GE Renewable Energy announces the depart of the last set of nacelles to be shipped this year to Merkur’s Offshore Windfarm logistical hub in Eemshaven Netherlands. By the end of the month, this hub will have received 24 nacelles, 24 blades, and several other tower fragments and transition pieces. With all these component in-place, local teams will perform some pre-assembly works while getting prepared for the installation phase that is set to begin mid-February 2018.
The offshore turbines have three main components – nacelles, towers, and blades — that are manufactured in different locations and then shipped to Eemshaven, where they are prepared for the eventual installation at sea. Nacelles are produced in Saint-Nazaire (France), the blades are made in Castellon (Spain) by LM Wind Power, and the towers are manufactured in Germany and China.
Remaining nacelles, blades and tower pieces will continue to be shipped to Eemshaven logistical hub until mid-summer 2018. Installation of the 66 GE Haliade 150-6MW is expected to be completed by end of September 2018.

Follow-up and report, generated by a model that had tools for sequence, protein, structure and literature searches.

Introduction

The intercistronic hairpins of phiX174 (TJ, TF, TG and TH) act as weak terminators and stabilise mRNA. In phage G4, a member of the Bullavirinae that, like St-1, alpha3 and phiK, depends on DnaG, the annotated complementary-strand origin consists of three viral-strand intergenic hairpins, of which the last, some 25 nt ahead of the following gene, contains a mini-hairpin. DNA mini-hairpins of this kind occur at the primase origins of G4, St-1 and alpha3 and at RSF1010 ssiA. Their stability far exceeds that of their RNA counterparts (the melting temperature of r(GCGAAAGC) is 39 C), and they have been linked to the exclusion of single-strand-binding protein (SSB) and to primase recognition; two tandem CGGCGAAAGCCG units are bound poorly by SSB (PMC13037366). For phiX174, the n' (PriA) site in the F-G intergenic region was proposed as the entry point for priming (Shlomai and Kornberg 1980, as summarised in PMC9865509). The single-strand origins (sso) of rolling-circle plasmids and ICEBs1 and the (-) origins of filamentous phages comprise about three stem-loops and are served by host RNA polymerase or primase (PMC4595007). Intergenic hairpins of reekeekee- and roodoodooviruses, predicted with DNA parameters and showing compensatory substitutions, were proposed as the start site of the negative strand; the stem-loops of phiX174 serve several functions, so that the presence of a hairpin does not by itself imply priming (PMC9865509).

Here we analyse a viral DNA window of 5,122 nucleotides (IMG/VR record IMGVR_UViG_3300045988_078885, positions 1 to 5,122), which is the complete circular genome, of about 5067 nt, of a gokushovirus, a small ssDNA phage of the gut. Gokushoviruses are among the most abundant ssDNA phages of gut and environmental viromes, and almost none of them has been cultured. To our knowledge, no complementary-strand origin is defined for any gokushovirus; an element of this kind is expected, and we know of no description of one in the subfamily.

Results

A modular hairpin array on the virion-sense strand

Laurent Verdier, GE’s Offshore Wind Project Office Leader said “with this shipment, one-third of our 66 GE’s Haliade 150-6MW nacelles for Merkur Offshore windfarm will be in the logistical hub, where local teams will get ready for the installation phase. Thanks to the good work of our teams, we are right where should be with this important project.”
Merkur windfarm is located approximately 35km north of the island of Borkum, Germany, in the North Sea, and consist of 66 turbines that will generate approximately 1,750 GWh annually, enough clean energy to power around 500,000 homes. When completed, Merkur will be one of Germany’s largest offshore wind farms.
The Haliade 150-6MW turbine was specifically designed for a marine environment. Thanks to its 1150-meter rotor, its output is 15% higher than the offshore turbines of the same generation, and can save up to 21,000 metric tons of CO2 annually. At a total height of 170 meters, the Haliade is almost twice as tall as Big Ben, and its 150-meter diameter blade is comparable to twice the wingspan of an Airbus.
Filed Under: Offshore wind